The more time I spend gardening, the more I start to notice patterns and cycles with my plants and the growing season. Spring around here can be anything from cold and wet to warm and sunny. But once summer officially hits, the weather thermostat sets itself in the "red zone." This, of course, is good for us gardeners. Plants like warmth and this is what helps them grow. However, there comes a time every year that we get a bit of a heat wave. Some heat waves are just hot, while others are oh-my-god-I'm-still-sweating-at-midnight kind of hot. This year we hit the latter and I've been doing my best to keep the poor thirsty plants hydrated. So far nothing has died due to heat exhaustion, but I feel the flowers have hit their peak and, if the heat doesn't give up soon, they might just start to give in. I felt an early (very early) morning photo shoot was in order to preserve their beauty.
I planted a LOT of petunias this year. I didn't even know what colours I was planting, I just stuffed them into pots hoping for the best. They certainly didn't disappoint. Colour exploded all over the yard and these flowers are hugely prolific this year. They are really interesting up close too, with their "little green alien" inhabitants.
One of my favourite planters is the old washer we found on the property. This year Angel suggested we paint it and, voilà, it's now our pink pièce de résistance! A perfect vessel for dahlias and nasturtiums.
With its colourful foliage, coleus hold its own with the flowers. This is the best one I've ever grown and would love if I could over-winter it inside. I'm certainly going to try.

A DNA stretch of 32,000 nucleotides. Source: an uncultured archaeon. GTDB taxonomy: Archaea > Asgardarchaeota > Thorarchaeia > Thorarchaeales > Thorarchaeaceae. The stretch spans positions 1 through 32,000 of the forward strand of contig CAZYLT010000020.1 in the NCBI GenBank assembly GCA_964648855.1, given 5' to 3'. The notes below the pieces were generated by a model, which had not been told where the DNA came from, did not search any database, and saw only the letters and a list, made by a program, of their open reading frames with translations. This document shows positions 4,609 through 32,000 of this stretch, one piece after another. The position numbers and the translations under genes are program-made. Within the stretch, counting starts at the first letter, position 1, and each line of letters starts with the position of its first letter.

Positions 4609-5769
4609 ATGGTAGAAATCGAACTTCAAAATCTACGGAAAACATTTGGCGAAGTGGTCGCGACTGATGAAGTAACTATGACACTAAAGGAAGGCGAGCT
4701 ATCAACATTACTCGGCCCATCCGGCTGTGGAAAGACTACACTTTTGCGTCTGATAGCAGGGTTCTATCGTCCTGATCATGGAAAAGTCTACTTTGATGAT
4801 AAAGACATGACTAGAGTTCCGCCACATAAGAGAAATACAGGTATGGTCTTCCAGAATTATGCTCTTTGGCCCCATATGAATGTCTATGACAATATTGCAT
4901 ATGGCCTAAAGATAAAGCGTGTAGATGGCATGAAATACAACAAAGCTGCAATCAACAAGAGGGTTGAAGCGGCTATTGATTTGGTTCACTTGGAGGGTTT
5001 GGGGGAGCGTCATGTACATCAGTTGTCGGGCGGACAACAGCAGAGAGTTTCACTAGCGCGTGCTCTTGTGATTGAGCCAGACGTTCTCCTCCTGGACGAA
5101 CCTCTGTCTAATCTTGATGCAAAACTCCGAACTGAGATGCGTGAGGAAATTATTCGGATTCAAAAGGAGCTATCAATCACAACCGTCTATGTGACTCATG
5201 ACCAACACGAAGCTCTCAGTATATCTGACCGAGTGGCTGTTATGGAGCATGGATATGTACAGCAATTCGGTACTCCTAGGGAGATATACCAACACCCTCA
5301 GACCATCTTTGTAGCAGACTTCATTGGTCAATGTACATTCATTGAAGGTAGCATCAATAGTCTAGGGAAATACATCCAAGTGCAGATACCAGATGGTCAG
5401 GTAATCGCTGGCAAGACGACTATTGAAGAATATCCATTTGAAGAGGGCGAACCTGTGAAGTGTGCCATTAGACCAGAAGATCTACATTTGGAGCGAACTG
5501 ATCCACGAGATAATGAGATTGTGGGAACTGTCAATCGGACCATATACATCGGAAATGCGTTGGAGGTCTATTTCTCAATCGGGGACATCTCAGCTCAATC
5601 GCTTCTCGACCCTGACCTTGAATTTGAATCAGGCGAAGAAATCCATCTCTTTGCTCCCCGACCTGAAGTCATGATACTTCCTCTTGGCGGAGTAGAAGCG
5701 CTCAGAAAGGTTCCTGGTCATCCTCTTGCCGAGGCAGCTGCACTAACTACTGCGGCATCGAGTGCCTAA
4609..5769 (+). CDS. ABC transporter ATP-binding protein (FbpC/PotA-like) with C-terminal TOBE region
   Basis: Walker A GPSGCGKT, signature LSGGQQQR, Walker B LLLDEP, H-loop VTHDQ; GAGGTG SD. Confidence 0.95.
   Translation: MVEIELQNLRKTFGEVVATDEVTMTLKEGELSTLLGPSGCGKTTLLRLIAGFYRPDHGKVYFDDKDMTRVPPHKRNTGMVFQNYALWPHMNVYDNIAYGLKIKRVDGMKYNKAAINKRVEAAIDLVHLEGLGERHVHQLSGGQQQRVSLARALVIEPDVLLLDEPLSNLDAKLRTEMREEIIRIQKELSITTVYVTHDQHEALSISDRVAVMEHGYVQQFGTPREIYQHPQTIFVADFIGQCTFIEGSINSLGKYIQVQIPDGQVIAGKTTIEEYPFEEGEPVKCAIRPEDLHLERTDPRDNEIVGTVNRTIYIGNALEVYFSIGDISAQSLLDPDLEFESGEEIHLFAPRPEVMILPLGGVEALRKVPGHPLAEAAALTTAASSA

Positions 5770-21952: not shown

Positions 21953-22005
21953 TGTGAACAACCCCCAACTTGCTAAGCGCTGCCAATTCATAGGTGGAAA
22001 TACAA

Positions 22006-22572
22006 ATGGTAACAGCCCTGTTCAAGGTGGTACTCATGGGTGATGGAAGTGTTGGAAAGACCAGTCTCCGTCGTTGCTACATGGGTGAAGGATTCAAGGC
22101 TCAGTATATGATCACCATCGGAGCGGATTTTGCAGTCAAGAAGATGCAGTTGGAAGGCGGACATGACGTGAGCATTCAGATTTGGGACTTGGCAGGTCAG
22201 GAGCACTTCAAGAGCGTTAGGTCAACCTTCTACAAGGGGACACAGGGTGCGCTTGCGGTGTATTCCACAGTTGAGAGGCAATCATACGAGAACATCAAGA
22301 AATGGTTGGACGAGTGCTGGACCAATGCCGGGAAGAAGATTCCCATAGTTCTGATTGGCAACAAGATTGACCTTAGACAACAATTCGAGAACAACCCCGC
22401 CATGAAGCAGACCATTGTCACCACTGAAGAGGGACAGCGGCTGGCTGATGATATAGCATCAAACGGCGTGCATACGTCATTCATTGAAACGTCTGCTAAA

Geraniums are another favourite for my containers. I love that even though this is a delicate white blossom, nature has decided to add its own splash of colour.
The only flowers in the garden that I don't know the name to are some of the most interesting. They open up with full sunshine, but in the evening or on a cloudy day they remain closed. I will just call them sun worshipers.
The front porch needs to be deer resistant. It's also quite hot in the afternoon and heat-loving plants are necessary. My pick for this year was ornamental corn and straw flowers. I haven't grown either before, but they are both beautiful and amazing.
Lastly is the herb garden. This garden was inherited with the property and quite a wild mess at the beginning. With the subtraction of some plants and the addition of others, it has become one of my most loved spots. Not only does the rhubarb, dill and wild strawberry plants provide us with some treats, but when the oregano, lavender, and mint bloom, a gazillion bees and other insects spend every hour of daylight loading up on nectar and pollen. It's a hub of life that is so much fun to watch.
To be honest, I nurture this garden with the insects in mind. It's my good karma gardening, for many of these small creatures are the reason we can enjoy all the beautiful flowers in the first place. Of course, there are ones that make snacks of the flowers too, but they become part of a different purpose (food chain) and I can handle losing a bloom or two for the good of the cycle of nature.
And with that, I conclude part one of the garden tour.